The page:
The Gulf's fashion stars shine at Muscat Fashion Week
Nestled between jagged mountain ranges that were the ocean floor millions of years ago, and the deep blue sea, this charming Sultanate, the last frontier of the Arab world, has set its heart on becoming the fashion hub of the Gulf States.
Backed by His Majesty, Sultan Qaboos bin Said; organised by His Excellency, Sultan Hamdoon Al Harthi, the head (or 'mayor') of the Muscat Municipality; and supported by both influential government ministers and the city's wealthy and cosmopolitan upper-crust, Muscat Fashion Week is now in its third year. And if the determination and commitment to the arts and culture of Oman's ruler is any indication, this is an achievable goal: Muscat is the city which, in four years, built a state-of-the-art, Royal Opera House (think New York's Metropolitan Museum of Art with acres of Italian marble and Islamic architecture), officially inaugurated in October 2011, with a performance of Puccini's Turandot, featuring Placido Domingo as artistic director and sets by Franco Zeffirelli.
This week's event was a fashion milestone, bringing together the spring/summer 2013 collections of 12 designers from seven countries including Oman, Jordan, Saudi Arabia, Tunisia, Morocco, United Arab Emirates, and Qatar.
As might be expected, there were some collections which could have done with a more defined concept, judicious editing - or even shoes. And there was, at times, a preponderance of the black abaya (not to be confused with the burka), which has become something of a "working wardrobe" for women in all walks of life throughout the Gulf.
Although 'black' might be Planet Fashion's favourite colour, in this context it often appeared overly hardline Islamic. If anything, it was a sharp contrast to - not to mention a stark reminder of - the vivid colours and prints of the more "heritage" national dress of, for example, Yemen, or even Oman itself, vibrantly visible in museums such as the Bait Al Zubair, or the personal "village" museums restored and designed by HH Ghalya Fahar Al Said, patron of Muscat Fashion Week, on Muscat's "Corniche".
But there was creative sparkle when designers tapped into the DNA of their own cultures and used regional hand-skills of folkloric embroidery and beading to define a new, international fashion language, particularly in the areas of resort and evening wear, signatures which have already attracted the eye of major stores including Harrods, Harvey Nichols, and Saks Fifth Avenue. Particularly effective was an abaya-kaftan hybrid, in silk chiffon, split open over long gowns or leggings, seen at the UAE's Kanzi, Das, and Mauzan collections, the latter shown to an Arabic version of The Clash's Rock the Casbah .
The venue, a pavilion under the stars, on the edge of the sea at Riyam Park, with mountains as a backdrop, set the scene for an "Arabian Nights" red carpet fantasy.
A ROUND-UP OF THE STANDOUT COLLECTIONS:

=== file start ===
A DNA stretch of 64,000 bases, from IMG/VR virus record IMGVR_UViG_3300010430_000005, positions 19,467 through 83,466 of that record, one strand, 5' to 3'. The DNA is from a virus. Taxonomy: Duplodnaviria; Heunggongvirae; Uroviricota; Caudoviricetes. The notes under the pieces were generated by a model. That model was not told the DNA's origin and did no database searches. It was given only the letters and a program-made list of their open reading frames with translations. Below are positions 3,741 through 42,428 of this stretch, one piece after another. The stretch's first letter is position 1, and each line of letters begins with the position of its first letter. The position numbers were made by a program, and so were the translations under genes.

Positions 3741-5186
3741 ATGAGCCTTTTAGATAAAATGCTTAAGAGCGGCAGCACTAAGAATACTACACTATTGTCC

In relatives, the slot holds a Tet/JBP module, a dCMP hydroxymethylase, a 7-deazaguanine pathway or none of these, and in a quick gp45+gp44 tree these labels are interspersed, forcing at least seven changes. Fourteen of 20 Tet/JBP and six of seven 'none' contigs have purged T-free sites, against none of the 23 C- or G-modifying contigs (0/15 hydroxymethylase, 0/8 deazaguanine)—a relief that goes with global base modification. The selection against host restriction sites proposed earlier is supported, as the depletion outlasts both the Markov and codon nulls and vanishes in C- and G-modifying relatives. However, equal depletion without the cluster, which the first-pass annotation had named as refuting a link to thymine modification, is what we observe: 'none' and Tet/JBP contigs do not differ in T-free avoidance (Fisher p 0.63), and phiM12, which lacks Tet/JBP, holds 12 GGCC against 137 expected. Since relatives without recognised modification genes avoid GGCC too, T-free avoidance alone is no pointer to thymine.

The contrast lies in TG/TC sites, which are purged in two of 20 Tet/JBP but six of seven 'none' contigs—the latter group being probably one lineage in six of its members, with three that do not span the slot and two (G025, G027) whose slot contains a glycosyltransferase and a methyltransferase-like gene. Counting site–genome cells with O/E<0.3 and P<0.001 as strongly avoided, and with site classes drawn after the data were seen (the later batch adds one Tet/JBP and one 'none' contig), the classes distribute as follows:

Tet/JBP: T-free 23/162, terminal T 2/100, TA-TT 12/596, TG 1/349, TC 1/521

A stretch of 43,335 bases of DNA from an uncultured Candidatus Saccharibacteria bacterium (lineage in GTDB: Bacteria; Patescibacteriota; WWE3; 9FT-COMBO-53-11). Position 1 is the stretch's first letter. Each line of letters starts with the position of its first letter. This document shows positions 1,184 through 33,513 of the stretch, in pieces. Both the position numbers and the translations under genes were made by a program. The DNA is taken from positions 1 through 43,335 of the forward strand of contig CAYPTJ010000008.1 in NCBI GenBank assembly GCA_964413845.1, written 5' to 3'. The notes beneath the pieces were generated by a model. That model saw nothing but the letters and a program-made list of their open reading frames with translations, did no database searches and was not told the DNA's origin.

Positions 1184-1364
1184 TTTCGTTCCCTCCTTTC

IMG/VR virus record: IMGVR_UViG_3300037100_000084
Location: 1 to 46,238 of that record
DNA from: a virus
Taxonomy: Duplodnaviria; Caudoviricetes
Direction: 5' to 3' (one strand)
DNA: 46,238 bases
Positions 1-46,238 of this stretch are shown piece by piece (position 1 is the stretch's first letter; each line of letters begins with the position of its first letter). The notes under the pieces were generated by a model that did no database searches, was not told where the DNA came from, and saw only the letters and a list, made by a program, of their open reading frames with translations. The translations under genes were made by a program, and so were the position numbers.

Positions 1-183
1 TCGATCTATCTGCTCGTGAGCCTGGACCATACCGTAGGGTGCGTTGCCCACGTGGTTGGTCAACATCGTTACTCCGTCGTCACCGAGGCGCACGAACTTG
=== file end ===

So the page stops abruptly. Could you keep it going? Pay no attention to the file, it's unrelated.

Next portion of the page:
DIBAJ the Muscat-based design duo of sisters Afaf and Aida Al Farsi, offered a rich, shimmering parade in silk, velvet and lace that beguilingly merged Anne Boleyn references with Old Oman - "We've been watching The Tudors ," said Afaf. Voluminous, bell-shaped gowns and cloaks, embellished with metallic beading, Swarovski crystals, fringing or mirror embroidery, were accessorised with Omani silver jewellery dipped in gold.
ZOHR RAIS the Casablanca couturier renowned for dressing the King of Morocco's wife, showed a regal, red carpet collection based on the traditional, flowing silhouettes of kaftan, djellaba and cloak, ablaze with gold and silver hand-beading and crystals, and ending with a Little Red Riding Hood, cape made entirely from hand-appliqued silk flowers.
TOUJOURI the Qatar label, is designed by Lama El-Moatassem, who studied at London College of Fashion and Central St Martins, before working for Chloé and Matthew Williamson, and has already attracted high-style-profile customers such as songstress, Florence Welch. Lama mixed digitalised, hand-painted, watercolour prints with vintage textiles, hand-embroidered or detailed with elaborate, "armour-plated" beading.
RAZAN ALAZZOUNI from Saudi Arabia, is a graduate of Boston's School of the Museum of Fine Arts, and counts Emma Roberts and Kelly Osbourne among her fans. She focused on a sculptural and feminine, Fifties-inspired silhouette, in a red white and blue theme, with floor-grazing, dance skirts contrasting with surprisingly short, prom-style dresses. "Now you see what is under all those abayas," she said.
AHMED TALFIT the 25-year-old Tunisian, who is known as "the McQueen of the Middle East", stole the show in last night's final presentation. A graduate of the French fashion college, Esmod, in Tunis, Talfit tailored a dramatic, futuristic-gothic silhouette in black leather, tulle, organza, silk and lace, with exaggerated shoulders and peplums or a scissor-sharp, body-con line.
NAWAL AL HOOTI the young Muscat designer, paired neon-coloured short tops with denim minis and leggings, decorated with colourful folk embroidery, and layered abaya-style, hooded and beaded cloaks over long gowns, cinched with silver Omani belts.
Original : fashion.telegraph.co.uk